What’s the line between a healing diet and a harmful one? Orthorexia is a term that was first coined in the late 1990’s by Dr. Steven Bratman. It refers to an obsessive focus on healthy eating that becomes clinically impairing. This idea has become controversial in the paleo autoimmune community. Does a healing diet automatically set you up for orthorexia? What does it mean to eat in a way that supports your health? And what does it look like when this goal becomes unhealthy? My guest is Imei Hsu. She’s a registered nurse and clinical psychotherapist, and eating disorders are one of her specialties. She also has autoimmune disease herself as well as food allergies.
This is one of my favorite podcast episodes! How does mindset impact nutrition and food tolerance? At its most basic level, food is sustenance. It fuels us for life. But food is more than just a source of energy. Emotions surround the experience of eating as well. Food can comfort and bring joy, yet it can also inspire feelings of guilt. People also connect with each other over food, building memories, traditions, and even identities. And when you’re following a healing diet, there’s gratitude for food being medicine, often combined with feelings of deprivation, rebellion and grief. It’s complex! Here’s the fascinating part you might not realize: Not only does food inspire emotion, but emotions impact our ability to digest our food, including how well we tolerate foods. That’s the subject of our podcast today.
There’s some compelling research that suggests the inability to forgive leads to negative health consequences, and the practice of forgiveness can have health benefits. When it comes to small injustices, this seems relatively easy to do. But what if you have experienced something that you find unforgivable? Is forgiveness a requirement for healing? The pressure to forgive can feel like getting re-victimized all over again. In this podcast, we take a deep look at this topic. My guest is clinical psychologist and bestselling author, Dr. Harriet Lerner.
Autoimmune flares can fill us with strong emotions alongside our physical symptoms, but did you also know that strong emotions can cause autoimmune flares? Mood boosts can be a wonderful daily practice. Not only do they help us through our darkest moments, but they also harness the anti-inflammatory power of the mind-body connection. Our goal isn’t to eliminate challenging emotions altogether; they’re part of the human experience. These techniques simply help us ride those waves with less suffering and greater health overall.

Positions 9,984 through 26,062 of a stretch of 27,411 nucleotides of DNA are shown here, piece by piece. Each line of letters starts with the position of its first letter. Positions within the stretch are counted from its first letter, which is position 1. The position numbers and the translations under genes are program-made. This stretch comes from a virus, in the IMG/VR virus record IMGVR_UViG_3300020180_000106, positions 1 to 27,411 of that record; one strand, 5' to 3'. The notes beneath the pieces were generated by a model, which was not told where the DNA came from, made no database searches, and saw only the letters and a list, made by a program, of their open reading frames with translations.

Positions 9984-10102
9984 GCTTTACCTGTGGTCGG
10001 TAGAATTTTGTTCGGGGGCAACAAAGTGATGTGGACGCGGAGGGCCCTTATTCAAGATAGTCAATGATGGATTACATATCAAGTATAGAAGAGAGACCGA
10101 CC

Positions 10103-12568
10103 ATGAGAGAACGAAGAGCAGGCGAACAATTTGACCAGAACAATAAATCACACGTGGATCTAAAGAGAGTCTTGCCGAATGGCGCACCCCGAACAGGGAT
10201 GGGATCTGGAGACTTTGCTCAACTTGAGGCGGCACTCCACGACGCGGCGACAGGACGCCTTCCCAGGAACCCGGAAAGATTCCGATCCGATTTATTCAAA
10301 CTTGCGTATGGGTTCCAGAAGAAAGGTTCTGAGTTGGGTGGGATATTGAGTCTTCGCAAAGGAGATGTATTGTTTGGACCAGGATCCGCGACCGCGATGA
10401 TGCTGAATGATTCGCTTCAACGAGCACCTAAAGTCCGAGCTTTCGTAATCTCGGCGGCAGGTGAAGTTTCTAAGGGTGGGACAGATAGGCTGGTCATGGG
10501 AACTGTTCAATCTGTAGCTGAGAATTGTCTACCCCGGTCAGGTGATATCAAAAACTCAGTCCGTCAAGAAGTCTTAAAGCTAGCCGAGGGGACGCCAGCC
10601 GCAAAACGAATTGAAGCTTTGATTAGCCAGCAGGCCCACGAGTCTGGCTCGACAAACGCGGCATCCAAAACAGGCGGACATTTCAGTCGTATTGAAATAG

Have you ever felt butterflies in your stomach when you were nervous? Or lost your appetite when deeply grieving? We’ve all felt emotions in our gut – there’s even the common saying “gut feeling.” In fact, the more relaxed and content we feel when we eat, the better we digest our food. But did you know the gut-brain connection also goes the other way? That the food we eat can impact how our brain functions? Inflammation in the gut can result in brain fog, mood swings, and even mental health disorders. In this podcast, we talk about the science behind this connection, and how we can harness it for our health – both mental and physical. My guest is Dr. Lili Wagner, a psychologist who specializes in this intersection between diet, lifestyle, digestion, and mental health.
When I was at rock bottom with rheumatoid arthritis and experiencing excruciating pain on a daily basis, I started keeping a gratitude journal. That might seem like a strange time do this, but I deeply needed to focus on something beyond the pain and suffering that had become my entire world. And it helped! It didn’t alleviate my pain, but it did reduce my suffering, because it helped me remember there were still good things in my life. It turns out I’m not alone in feeling these benefits. Research is showing that gratitude can improve both mental and physical health. In this podcast, my guest is Dr. Fuschia Sirois, an expert in the field of gratitude and chronic illness. We discuss the research, alongside practical steps for making gratitude part of our daily lives.
There’s a strong link between trauma and autoimmunity. People who are diagnosed with a stress-related disorder like PTSD are 30-40% more likely to be diagnosed with autoimmune disease. Childhood trauma has an even bigger impact. And the shock of an autoimmune diagnosis combined with life-changing symptoms can qualify as a trauma itself. When it comes to maximizing our health, being aware of this connection is important. Thankfully, there are trauma therapies that can help rebuild our health resilience. My guest is Dr. Maureen Pierce, a health psychologist who specializes in working with people with chronic pain and chronic illness. Not surprisingly, she’s a trauma specialist as well.
When I was diagnosed with rheumatoid arthritis, it felt like a personal failure – not just to me, but also to many people who knew me. “But you’re so health-conscious! How did this happen?” The unspoken words I heard were, “What did you do to cause this?” And that question has popped into my head at each step of this journey that I couldn’t control. In case you’ve ever felt the same, I want you to know this.
We all find ourselves in victim mode once in a while, especially when life is hard. There is a time and place for throwing ourselves a pity party. The key is not getting stuck in that pattern. How do we identify signs that we are in a victim mindset, and how can we shift to feeling empowered, strong and hopeful again? My guest today is Sarah Kolman, an expert in psychoneuroimmunology, the science of how our thoughts and emotions affect immune and autoimmune health.